“However, the government sees the need to reinstate this law following requests by members of the public who want to pursue cases before the court, but cannot afford a legal counsel.”
He said: “The Bill amends the Crimes Act 2013 with introduction of a new Part 9A for crimes against a person’s reputation.”
“This Part is ‘False statement causing harm to a person’s reputation.”
“The rationale for introducing the offence is to address harm done to a person’s reputation by another person who publishes false information about that person.”
“This is similar to defamatory libel and although civil proceedings for defamation are available to the public, the reality is, not all Samoans have access to these proceedings as not all are able to afford legal services required for such proceedings.”
He’s probably right.
Later still, on 8 May 2008, the Attorney General of the government of American Samoa, Fepulea’i Authur Ripley, filed a claim in the District Court of American Samoa naming Katopau Ainu’u, as the defendant in a criminal complaint.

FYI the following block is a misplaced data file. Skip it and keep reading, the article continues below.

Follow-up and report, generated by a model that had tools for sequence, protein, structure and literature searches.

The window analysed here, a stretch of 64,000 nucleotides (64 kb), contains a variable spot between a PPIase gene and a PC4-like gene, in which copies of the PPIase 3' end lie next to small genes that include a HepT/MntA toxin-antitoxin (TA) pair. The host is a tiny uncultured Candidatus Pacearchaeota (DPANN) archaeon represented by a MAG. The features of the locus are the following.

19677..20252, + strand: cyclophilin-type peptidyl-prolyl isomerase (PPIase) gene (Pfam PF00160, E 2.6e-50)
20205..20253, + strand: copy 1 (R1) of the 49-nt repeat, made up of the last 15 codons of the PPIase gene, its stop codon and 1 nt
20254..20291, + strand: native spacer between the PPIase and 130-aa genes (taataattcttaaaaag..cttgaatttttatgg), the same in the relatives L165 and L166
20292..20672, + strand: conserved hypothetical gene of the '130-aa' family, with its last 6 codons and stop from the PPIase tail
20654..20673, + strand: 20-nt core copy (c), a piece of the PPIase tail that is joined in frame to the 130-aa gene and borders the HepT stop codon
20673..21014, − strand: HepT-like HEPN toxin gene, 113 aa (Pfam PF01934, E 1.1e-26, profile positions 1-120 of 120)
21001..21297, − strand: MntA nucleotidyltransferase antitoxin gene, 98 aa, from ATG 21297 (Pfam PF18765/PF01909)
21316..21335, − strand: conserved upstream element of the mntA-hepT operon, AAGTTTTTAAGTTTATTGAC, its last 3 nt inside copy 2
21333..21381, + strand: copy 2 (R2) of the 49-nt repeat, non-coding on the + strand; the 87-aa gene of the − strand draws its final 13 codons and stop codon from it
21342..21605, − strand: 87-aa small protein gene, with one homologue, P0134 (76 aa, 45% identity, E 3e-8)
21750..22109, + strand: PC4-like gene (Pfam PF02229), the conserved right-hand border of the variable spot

Katopau was accused of having committed two crimes, one of Embezzlement and the other of Criminal Fraud. On the charge of Embezzlement, court documents showed that “on 3 November 2006, the Defendant knowingly misappropriated funds which had been entrusted to him in violation of ASCA 46.4104, a class C felony punishable by imprisonment for up to seven years, a fine of up to double the amount gained by the crime, or both.”
On the charge of Criminal Fraud, court documents showed that “on 3 November 2006, the Defendant knowingly and wilfully obtained money by the use of a scheme to defraud by false pretences.”
To that extend, the Defendant agreed to represent the victims(s) as an attorney, in a matai case; on that day, Defendant took payment from victim(s) as payment to represent victim(s) in a count case, while at the same time knowing that the Defendant was moving off-shore …”